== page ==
County Flags of England, Scotland and Wales

Publication Date15th September 2024

Book FormatPaperback





The counties of Caernarfonshire, Middlesex, Banffshire, and Westmorland all still exist, despite continual local government reorganisations. Why does the county flag of Caernarfonshire feature three golden eagles?
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Unlike American states or German Länder, the counties of the United Kingdom have not uniformly borne distinctive flags. A few, such as Kent and Essex, have been associated with specific emblems for centuries which in the modern era have also appeared as flags. Certain territories of the United Kingdom however, with differing historical, cultural and linguistic legacies, have raised flags to mark themselves out as distinct and different. A Cornish flag has existed since at least the nineteenth century, and is considered to be a ‘national’ flag reflecting the status of the territory and its people as an assimilated Celtic land, rather than just one amongst many English counties. Nottinghamshire’s flag features Robin Hood – no surprise there – but why is he at the centre of England’s St George’s Cross? Because Nottinghamshire is located at the centre of England. Gloucestershire’s flag was registered in March 2008 and was the winning entry in a competition held by the High Sheriff of the county to commemorate the county’s millennium. The winner explains his design: ‘The green is representative of our rural county, the blue, the River Severn, and the yellow, Cotswold Stone.’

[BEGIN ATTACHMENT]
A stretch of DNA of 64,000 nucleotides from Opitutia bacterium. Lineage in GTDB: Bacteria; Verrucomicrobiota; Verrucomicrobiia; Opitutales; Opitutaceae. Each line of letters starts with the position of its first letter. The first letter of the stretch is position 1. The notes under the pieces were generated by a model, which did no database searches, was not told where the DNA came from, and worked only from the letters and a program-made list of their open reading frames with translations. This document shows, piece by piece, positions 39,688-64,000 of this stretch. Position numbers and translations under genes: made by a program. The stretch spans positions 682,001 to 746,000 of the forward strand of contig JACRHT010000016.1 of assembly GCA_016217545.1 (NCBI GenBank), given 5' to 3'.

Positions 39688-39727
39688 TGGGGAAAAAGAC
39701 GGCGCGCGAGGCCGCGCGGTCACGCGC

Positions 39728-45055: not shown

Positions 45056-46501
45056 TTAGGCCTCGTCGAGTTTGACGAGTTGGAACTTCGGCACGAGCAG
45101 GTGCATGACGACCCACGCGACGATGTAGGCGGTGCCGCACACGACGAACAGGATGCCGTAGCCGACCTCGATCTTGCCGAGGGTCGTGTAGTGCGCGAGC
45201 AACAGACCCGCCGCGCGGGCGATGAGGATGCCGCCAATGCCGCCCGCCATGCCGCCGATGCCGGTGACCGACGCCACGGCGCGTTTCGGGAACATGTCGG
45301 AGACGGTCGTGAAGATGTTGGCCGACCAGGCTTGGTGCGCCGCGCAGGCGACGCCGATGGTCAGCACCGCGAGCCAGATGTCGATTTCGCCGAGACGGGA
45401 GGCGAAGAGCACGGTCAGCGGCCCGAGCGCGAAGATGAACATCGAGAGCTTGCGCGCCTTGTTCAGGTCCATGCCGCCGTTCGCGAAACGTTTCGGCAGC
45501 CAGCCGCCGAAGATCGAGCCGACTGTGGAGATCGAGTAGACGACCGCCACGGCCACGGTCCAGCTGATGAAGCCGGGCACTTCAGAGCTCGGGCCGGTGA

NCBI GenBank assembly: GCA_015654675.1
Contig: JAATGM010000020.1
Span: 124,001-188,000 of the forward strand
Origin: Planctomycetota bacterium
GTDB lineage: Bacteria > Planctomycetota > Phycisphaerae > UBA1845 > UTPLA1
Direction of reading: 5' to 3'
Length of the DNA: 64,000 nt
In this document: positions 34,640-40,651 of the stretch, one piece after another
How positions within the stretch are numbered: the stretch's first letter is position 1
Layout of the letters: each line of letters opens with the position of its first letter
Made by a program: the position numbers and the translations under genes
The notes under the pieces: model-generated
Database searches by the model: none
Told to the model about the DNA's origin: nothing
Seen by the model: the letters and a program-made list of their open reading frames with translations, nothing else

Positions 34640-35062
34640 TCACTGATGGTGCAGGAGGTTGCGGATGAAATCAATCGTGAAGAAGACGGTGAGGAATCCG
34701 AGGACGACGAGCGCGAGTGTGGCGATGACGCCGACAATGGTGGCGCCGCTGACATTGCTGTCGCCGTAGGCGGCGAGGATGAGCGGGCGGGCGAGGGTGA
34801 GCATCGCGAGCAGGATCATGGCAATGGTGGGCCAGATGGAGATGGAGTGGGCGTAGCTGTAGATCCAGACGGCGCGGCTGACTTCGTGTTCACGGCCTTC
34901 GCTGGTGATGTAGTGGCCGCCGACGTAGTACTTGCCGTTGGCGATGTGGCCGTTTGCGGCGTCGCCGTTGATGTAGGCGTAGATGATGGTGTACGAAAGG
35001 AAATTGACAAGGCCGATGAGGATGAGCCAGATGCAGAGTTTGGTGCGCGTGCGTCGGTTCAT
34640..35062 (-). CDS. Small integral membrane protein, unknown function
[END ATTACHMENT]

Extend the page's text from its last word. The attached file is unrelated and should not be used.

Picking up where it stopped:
Today, more than fifty counties have their own flag. All of them are reproduced here. The stories behind the flag designs are a window into local history – and local pride.

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